I get extremely happy. If you look at my students, they are taking over Bangladesh! They are working as the Head of Legal at Grameenphone, Robi, CityBank, Unilever, as well as ministries, government sectors, and arbitration.
Most of the top law chambers in Bangladesh are being looked after by the younger generation, and many seniors blindly trust young lawyers nowadays. They don’t even look at the drafting, and I think that gives me an immense sense of pride.
But still, I think we need to create more opportunities so that such great lawyers stay in Bangladesh and serve justice. If you go to England, Australia, or Canada, you should go to learn new things and then come back to share that knowledge with the people in your own country. I don’t see serving another country and earning a lot of money there as anything your country should be proud of you for. Even if you earn a little less, I think Bangladesh is the best place for you in the sense that if you leave, your place will be taken up by someone who is not as good and getting what you deserve. So, I’d like lawyers to come back and fight to help bring a change towards betterment.
11. Don’t you think it’s really hard to stay loyal to your profession? There are so many times that people will try to bribe you or even force/blackmail you, how do you handle that?
I avoid them very carefully and don’t go into fights. I will apologize but I avoid them, and that’s why I’ve never been into politics. I never side with a party, I always support everyone. It’s not easy, I have lost many opportunities and maybe I could have had a more powerful position right now.
But, I’m very happy with not being a politician even though I do respect politicians. I tell my students to not ignore politics, that if they hate and look away, they won’t be able to contribute and their chances to make an impact to go to someone who might not use it properly.
All of us should work hard to create better leadership roles, and there shouldn’t be so much hate that once you are out of power, the opposition puts you in jail. The parties should have some sort of understanding and democracy will be better practiced in this country. If all the parties could sit together and decide to forget the past to work on a better future, it would have an immensely good impact on Bangladesh. If I harm you today, your child will try to hurt me or my child, and then my child or grandchild will try to sabotage yours for the cycle to keep going on forever.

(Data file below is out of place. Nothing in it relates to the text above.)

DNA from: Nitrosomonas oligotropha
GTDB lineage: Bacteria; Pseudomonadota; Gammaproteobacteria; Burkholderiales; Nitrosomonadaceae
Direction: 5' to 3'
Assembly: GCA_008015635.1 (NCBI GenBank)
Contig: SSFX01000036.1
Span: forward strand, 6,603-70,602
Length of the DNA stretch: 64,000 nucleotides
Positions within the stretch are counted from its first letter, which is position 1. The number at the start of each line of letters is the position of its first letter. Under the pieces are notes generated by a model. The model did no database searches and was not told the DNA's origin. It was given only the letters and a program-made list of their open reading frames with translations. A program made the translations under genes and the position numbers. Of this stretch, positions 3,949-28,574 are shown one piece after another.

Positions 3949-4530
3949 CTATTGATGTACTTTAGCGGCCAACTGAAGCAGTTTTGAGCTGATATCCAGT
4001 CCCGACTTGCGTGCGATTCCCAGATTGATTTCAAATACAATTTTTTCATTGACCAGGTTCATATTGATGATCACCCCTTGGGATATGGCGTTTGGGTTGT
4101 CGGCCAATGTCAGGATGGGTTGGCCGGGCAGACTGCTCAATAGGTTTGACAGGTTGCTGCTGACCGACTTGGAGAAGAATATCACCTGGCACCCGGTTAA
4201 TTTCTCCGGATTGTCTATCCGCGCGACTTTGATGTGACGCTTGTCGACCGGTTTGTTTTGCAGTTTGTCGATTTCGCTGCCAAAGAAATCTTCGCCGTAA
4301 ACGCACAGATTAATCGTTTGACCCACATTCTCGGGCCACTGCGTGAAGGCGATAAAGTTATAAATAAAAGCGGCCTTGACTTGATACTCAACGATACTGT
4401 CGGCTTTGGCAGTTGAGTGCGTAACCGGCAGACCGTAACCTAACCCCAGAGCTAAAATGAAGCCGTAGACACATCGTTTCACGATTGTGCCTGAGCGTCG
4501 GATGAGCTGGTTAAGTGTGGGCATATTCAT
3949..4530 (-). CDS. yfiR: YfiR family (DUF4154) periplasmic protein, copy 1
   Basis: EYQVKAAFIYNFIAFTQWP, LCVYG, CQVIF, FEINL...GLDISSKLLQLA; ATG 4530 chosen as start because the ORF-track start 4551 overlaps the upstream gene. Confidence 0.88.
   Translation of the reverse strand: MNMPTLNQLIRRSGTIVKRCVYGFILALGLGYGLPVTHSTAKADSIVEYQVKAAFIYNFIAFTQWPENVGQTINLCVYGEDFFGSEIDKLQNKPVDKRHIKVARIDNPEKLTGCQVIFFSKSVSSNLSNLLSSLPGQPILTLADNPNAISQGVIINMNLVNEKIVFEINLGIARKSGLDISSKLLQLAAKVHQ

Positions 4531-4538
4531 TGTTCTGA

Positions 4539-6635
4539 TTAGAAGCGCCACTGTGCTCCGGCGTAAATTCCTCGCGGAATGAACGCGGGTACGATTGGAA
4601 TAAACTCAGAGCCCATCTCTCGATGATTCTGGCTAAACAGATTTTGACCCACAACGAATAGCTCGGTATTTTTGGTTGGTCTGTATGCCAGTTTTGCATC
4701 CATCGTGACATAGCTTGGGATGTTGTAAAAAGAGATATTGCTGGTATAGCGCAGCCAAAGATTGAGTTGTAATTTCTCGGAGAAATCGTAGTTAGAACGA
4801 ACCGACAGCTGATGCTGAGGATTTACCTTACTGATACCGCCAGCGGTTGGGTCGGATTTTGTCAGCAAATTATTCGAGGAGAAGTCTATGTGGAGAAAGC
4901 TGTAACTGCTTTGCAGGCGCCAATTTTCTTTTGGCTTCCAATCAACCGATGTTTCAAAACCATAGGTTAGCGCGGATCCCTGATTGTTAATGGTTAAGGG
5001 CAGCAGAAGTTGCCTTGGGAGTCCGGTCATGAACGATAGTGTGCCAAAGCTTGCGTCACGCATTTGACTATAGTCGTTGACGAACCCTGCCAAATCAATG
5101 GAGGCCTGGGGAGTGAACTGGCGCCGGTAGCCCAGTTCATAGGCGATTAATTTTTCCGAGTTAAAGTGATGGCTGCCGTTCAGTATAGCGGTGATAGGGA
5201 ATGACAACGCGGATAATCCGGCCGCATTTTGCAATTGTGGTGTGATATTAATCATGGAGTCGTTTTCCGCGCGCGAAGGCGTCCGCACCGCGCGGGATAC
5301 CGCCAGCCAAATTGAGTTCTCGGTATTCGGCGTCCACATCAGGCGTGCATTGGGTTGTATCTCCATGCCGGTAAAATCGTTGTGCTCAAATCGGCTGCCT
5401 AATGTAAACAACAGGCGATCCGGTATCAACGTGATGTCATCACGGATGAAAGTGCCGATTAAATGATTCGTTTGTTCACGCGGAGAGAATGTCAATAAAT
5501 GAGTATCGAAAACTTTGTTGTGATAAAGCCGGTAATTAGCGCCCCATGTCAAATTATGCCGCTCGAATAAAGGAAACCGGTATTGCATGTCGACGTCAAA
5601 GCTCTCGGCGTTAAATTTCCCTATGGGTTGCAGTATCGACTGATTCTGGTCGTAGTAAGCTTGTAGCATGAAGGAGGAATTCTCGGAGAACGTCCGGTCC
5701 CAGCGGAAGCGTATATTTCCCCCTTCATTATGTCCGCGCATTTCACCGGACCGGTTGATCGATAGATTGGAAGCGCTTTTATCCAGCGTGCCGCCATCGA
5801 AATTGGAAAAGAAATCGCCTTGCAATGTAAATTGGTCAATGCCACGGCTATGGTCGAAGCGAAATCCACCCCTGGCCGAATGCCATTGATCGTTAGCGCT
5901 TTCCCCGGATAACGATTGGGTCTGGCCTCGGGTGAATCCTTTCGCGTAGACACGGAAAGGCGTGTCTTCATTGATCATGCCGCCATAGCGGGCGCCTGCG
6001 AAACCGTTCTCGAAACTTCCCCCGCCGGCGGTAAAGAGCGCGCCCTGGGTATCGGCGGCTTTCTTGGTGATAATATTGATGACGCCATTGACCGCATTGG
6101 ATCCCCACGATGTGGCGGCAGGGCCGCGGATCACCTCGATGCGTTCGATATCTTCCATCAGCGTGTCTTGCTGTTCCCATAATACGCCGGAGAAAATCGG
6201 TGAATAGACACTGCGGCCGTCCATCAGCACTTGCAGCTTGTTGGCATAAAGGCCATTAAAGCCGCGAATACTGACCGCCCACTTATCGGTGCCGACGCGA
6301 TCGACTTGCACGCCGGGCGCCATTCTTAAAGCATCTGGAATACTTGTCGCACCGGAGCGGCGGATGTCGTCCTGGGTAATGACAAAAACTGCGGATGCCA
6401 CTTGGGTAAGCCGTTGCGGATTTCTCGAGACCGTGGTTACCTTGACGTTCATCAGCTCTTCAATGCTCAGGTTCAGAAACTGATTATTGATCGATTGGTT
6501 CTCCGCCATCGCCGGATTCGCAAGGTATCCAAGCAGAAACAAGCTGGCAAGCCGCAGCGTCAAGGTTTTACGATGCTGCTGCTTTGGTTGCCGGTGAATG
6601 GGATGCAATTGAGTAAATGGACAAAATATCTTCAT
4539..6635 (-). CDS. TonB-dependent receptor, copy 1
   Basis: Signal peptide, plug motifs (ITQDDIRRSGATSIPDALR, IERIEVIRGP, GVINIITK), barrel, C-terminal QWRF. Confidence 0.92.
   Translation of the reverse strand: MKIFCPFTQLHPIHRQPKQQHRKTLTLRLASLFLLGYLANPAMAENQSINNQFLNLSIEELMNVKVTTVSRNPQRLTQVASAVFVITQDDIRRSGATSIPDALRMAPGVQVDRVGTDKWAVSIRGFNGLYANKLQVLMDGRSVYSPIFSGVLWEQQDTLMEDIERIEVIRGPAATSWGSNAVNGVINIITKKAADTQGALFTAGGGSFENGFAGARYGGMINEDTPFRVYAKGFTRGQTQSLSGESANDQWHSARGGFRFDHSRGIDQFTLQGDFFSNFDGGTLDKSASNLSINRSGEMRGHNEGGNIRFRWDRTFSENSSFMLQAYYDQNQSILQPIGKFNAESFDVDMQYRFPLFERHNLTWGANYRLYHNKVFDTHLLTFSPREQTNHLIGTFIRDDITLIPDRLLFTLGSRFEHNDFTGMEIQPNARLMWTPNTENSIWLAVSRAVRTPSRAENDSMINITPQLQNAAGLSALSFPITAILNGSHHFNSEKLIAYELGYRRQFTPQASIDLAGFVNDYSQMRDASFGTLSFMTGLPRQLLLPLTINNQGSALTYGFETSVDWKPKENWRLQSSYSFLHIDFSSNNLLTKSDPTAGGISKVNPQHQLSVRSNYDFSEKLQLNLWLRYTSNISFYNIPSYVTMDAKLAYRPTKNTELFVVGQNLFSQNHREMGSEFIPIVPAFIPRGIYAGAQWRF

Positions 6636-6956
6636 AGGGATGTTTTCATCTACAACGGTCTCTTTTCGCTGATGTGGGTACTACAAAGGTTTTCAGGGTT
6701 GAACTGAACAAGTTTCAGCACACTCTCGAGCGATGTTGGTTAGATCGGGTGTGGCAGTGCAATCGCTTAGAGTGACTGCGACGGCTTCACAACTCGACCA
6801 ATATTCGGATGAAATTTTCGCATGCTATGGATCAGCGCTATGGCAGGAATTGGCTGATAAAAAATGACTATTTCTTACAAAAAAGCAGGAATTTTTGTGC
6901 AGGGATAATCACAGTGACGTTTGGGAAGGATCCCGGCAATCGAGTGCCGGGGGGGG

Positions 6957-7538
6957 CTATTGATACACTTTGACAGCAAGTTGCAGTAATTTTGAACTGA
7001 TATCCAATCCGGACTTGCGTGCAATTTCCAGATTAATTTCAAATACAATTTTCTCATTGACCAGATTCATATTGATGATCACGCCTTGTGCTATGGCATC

With all the disasters occurring around us, we have a lot of things to fight against, and it has never been a better time to come together as one. I believe the coronavirus will make everyone pause and understand one another better. It will make people more empathetic and eager to help as calamities have the tendency to make people work together. Maybe its God’s way to make us focus on what’s important and remind us how the nature and animals are our friends and should never have been taken for granted. It is our duty to protect them, it always was, but we constantly exploited them. I don’t know how mankind will be 50 years down the line, how the world will be in 2080-2090, and I’m genuinely scared for the generations to come.
12. How important do you feel it is for every citizen to be aware of the laws in the country?
You should definitely know your rights as a law cannot be successful without people knowing and following it. You must know the law of the land you are on and Lawmakers should not just make laws, but also take steps in order to make sure everyone knows them and particularly in a country like ours.
Why doesn’t the government send everyone text messages every single day telling you that these are your fundamental rights? Each and every one should know about the laws and the phone companies should send at least three texts per week. In that way, even if I don’t really like it, I will end up reading about the laws and I might end up educating myself of my basic rights.